By the Wind Sailors

Sometimes during the spring and summer, after persistent winds from the west, rows of blue-bodied jellyfish-like animals litter the sand where they wash ashore like shipwrecked sailboats with Prussian blue hulls and clear sails, deposited by waves that recede with the outgoing tide. These are Velella velella, poetically but very appropriately named "by-the-wind-sailors". The appropriateness will be discussed in a moment. Though they resemble jellyfish, they are somewhat a conundrum. Velella have been considered, not individual organisms, but complex floating colonies of polyps that are related to Physalia, the Portuguese man-of-war. Velella is a member of the Cnidaria, the phylum that includes jellyfish, sea anemomies, corals and other hydroids, many of which exhibit polymorphism - different forms of a species that occur together. However, a few decades ago Velella was placed in another order, the Chondrophora, which also have polymorphic members, and today many authors still consider it a chondrophor, some saying it is a colony, others claiming it to be a single animal. Sorting out these different schemes of classification gets very confusing and the question of whether Velella is a colony or a single organism is still not fully addressed.



Though it may well be a single animal (a highly modified upside down hydroid polyp), here we will call it a colony, mainly because that is the way it is still described in recent text books. By-the-wind-sailors-2Each Velella is composed of highly specialized and modified zooids, which are individual polyps and medusae that suspend downward and form the "organs" of this super-animal. There is a gastrozooid that ingests food, dactylozooids that capture food and protect the colony, and gonozooids that are involved in reproduction. There is an upper, many-chambered, chitinous float that bears a clear sail set at an angle of about 30 degrees. Around the float is a beautiful Prussian blue mantle, called a raft, with fore and aft lobes that are about 15 degrees oblique to the float, so that the sail is 45 degrees to the long axis of the colony or organism. The direction of the sail's angle is different depending on which part of the world Velella occurs. On our Pacific Coast, the sail angle is such to take advantage of winds prevailing from the north, and that serves to keep them offshore. Velella’s sail is fixed – it can not shift its sail like a sailboat to change direction. It is, in sailing parlance, "running before the wind" or "by the wind", hence its poetic name. When the winds shift, Velella may be driven ashore to litter the beaches with their blue bodies which decompose in a few days, leaving just the cellophane sail and floats. In other parts of the world, the direction of the sail is actively selected to take advantage of prevailing winds there. In yet other locations, the sail may be in both directions. Some authors say that all Velella populations are born with sails angled in both directions, so that unfavorable winds will blow only half of them to the beach, allowing the other half to live.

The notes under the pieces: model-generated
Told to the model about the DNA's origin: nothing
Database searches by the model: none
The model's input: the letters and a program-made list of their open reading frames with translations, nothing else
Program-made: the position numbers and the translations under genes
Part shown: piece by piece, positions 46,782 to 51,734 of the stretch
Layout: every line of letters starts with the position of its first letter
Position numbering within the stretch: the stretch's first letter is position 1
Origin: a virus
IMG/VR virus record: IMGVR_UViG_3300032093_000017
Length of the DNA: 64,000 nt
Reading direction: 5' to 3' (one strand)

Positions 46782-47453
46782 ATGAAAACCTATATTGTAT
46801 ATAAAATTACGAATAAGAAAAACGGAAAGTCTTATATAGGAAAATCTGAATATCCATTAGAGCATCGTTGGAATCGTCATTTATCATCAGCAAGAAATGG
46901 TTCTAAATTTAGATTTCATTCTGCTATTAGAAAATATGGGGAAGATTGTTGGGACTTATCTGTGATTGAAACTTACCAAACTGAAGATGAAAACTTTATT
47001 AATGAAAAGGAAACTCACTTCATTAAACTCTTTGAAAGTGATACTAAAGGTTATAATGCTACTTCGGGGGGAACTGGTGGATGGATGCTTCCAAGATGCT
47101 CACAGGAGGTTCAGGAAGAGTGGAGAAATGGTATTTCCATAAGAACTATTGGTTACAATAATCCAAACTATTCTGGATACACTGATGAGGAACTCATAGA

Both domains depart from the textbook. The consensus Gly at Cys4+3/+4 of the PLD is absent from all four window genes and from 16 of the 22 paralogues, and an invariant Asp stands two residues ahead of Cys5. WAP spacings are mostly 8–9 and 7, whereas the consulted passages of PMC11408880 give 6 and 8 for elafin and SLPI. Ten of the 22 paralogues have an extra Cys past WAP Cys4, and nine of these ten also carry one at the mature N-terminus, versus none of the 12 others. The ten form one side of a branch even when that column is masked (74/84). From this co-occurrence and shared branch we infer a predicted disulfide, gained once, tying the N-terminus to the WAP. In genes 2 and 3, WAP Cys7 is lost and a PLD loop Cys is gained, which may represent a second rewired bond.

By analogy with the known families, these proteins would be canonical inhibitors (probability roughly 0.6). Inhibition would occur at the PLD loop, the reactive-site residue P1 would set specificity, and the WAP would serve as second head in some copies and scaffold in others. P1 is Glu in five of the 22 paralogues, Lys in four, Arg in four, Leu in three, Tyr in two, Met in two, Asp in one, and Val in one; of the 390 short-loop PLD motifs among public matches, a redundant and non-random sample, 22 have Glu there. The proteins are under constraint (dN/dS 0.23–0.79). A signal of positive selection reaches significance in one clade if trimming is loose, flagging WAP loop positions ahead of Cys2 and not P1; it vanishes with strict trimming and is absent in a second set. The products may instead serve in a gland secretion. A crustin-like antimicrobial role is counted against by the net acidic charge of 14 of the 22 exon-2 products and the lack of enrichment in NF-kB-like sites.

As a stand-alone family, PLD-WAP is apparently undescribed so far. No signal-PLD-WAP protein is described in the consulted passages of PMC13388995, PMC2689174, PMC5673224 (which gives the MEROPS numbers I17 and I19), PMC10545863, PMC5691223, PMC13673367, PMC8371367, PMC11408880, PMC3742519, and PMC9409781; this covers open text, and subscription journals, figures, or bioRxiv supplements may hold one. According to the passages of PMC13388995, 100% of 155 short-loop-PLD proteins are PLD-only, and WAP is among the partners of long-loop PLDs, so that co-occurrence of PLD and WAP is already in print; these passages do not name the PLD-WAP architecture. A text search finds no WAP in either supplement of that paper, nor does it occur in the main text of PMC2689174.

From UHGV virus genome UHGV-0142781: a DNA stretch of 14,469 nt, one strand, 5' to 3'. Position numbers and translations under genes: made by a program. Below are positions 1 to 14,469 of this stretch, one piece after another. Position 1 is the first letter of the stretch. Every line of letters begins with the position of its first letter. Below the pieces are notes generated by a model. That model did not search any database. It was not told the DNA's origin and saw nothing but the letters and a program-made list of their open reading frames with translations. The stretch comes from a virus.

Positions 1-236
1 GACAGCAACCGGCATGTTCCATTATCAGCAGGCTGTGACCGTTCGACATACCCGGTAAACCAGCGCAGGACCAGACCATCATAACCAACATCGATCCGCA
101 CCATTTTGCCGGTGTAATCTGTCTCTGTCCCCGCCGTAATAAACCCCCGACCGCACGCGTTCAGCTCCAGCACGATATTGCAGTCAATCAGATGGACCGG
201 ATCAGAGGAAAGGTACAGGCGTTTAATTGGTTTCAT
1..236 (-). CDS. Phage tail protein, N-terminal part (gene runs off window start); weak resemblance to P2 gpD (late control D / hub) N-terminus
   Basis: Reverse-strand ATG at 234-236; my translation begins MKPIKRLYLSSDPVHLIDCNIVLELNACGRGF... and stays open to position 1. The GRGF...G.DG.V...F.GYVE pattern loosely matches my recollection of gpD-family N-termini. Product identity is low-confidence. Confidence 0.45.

It is interesting to speculate on the growth rate of Velella based on the sizes of those washed on to the beaches during different parts of the year. For several years, including 2005, I’ve seen windrows of tiny Velella, most less than a millimeter, washed ashore during winter and early spring. In March of 2005, many Velella were driven ashore at Oceanside by the winds, most less than a centimeter in length. As the year progressed, others came ashore. In early May there were both small and larger ones, and by late June most were large, six, seven, even ten centimeters long. If all the Velella that were stranded during 2005 were from the same population, then there differences in length during the different months may indicate growth from young to older Velella. But these sizes may well have been from different younger and older populations that mixed during May and do not necessarily represent growth in a single group of animals. It is hard to say which is true.

Velella is a carnivore, feeding on fish and invertebrate eggs and small zooplankton that live near the surface because its tentacles (dactylozooids), which contain nematocysts (cells that sting on contact), are short and do not reach far into the water. Some of the zooids contain photosynthetic, symbiotic algae (zooanthellae) in their tissues. It spends most of its life floating on the ocean, only the reproductive medusae descending into deep waters to produce eggs and sperm and the resulting young embryos that then rise back to the surface.


Collins, A. G. 2002. Phylogeny of Medusozoa and the evolution of cnidarian life cycles. J. Evol. Biol. 15: 418-432.


Text and Photographs by Jim Young
Oceanside, Oregon


Velella By-the-wind-sailors-3

Masses of tiny Velella (<1.0mm) washed ashore near Oceanside

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